Athanasius

c.296-373. Champion of orthodoxy against Arianism.* Born to wealthy parents, he was Egyptian by birth but Greek by education. In the excellent catechetical school of Alexandria he was deeply moved by the martyrdoms of Christians during the last persecutions and was profoundly influenced by Alexander,* bishop of Alexandria, by whom he was ordained deacon. Of small stature but keen mind, Athanasius took no official part in the proceedings of the Council of Nicea (325), but as secretary to Alexander his notes, circulars, and encyclicals written on behalf of his bishop had an important effect on the outcome. He was a clear-minded and skilled theologian, a prolific writer with a journalist's instinct for the power of the pen, and a devout Christian-which endeared him to the large Christian public of Alexandria and the the vast majority of the clergy and monks of Egypt.

Athanasius contested Arius and the Arians during most of the fourth century. Arius taught that Christ the Logos* was not the eternal Son of God, but a subordinate being, which view attacked the doctrines of the Trinity, the Creation, and redemption. Athanasius said the Scriptures teach the eternal Sonship of the Logos, the direct creation of the world by God, and the redemption of the world and men by God in Christ. On the Incarnation of the Word of God, written while Athanasius was in his twenties, expounds these truths.

Alexander died in 328, and by public demand Athanasius was enthroned as bishop when he was only thirty-three. The victory at Nicea remained in political jeopardy for two generations, and Athanasius was the focal point of Arian attack. Arianism had a wide following in the empire and also the sympathies of Constantius, Constantine's successor in 337. The history of the Church in the fourth century parallels the events of Athanasius's life and his public ministry. He was hounded through five exiles embracing seventeen years of flight and hiding, not only among the monks of the desert, but often in Alexandria where he was shielded by the people. During one exile, at Rome in 339, he established firm links with the Western Church which supported his cause. His later years were spent peacefully at Alexandria. G.L. Prestige declares that almost single-handedly Athanasius saved the Church from pagan intellectualism, that “by his tenacity and vision in preaching one God and Saviour, he had preserved from dissolution the unity and integrity of the Christian faith.”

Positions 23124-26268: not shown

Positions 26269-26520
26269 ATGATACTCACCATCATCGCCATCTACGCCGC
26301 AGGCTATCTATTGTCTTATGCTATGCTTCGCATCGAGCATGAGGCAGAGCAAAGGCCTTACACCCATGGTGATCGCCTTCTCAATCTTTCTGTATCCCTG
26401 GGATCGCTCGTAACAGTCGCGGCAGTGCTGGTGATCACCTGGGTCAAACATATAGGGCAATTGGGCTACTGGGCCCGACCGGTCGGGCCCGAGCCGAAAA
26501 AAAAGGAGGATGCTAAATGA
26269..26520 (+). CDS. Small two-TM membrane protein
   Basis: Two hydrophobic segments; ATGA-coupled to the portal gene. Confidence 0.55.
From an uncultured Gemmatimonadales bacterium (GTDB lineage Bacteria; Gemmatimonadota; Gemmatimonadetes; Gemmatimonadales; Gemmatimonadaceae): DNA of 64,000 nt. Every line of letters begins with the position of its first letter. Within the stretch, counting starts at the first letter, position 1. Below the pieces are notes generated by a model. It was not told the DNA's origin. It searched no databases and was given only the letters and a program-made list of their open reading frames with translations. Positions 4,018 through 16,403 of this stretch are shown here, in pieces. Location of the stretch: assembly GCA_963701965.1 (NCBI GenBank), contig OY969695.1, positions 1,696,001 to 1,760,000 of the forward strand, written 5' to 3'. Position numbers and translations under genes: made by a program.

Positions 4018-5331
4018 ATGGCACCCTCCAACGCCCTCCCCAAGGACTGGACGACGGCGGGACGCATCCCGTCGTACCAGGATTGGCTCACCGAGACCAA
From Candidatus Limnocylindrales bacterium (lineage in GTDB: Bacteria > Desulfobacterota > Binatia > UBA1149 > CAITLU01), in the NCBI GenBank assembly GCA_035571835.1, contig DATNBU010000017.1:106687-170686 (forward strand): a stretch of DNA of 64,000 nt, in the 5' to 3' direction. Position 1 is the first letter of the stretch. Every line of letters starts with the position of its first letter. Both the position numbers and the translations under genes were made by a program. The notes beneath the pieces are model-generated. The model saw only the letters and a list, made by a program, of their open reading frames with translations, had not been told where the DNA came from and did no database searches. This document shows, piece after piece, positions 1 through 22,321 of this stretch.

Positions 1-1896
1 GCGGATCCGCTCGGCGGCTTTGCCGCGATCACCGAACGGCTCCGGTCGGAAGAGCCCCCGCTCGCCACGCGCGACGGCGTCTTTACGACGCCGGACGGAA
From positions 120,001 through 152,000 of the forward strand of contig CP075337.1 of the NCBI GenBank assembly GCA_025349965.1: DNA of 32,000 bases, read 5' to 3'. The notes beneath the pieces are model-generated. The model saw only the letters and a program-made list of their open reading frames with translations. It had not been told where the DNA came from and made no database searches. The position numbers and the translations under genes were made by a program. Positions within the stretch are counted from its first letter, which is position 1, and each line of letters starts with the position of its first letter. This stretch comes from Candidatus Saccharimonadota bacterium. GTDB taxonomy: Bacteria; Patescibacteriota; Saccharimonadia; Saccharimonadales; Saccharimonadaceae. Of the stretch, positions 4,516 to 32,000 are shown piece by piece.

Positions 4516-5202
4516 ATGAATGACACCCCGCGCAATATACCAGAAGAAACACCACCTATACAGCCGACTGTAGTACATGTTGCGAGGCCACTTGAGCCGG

The volume and scope of his writings is impressive. Contra Gentes, a refutation of paganism, and de Incarnatione, the exposition of the incarnation and work of Christ, were both written early (c.318) and are really two parts of one work. De Decretis and Expositio Fidei are also important doctrinal writings. The polemical and historical essays include Apologia Contra Arianos, ad Episcopos Aegypti, and de Synodis. He wrote many commentaries on biblical books. There are numerous other writings, including letters, many of which are readily accessible (The Nicene and Post-Nicene Fathers, Series 2, IV). Key doctrines which he discusses include Creation, the Incarnation, the Holy Spirit and the Trinity, the work of Christ, and baptism and the Eucharist. Athanasius greatly influenced the monastic movement, especially in Egypt.

See also Athanasian Creed and Christology.

G.L. Prestige, Fathers and Heretics (1940); E.R. Hardy, Christology of the Later Fathers (1954); H.E.W. Turner, The Pattern of Christian Truth (1954); J.N.D. Kelly, Early Christian Doctrines (1958); B. Altaner, Patrology (1960); J. Quasten, Patrology, III (1966).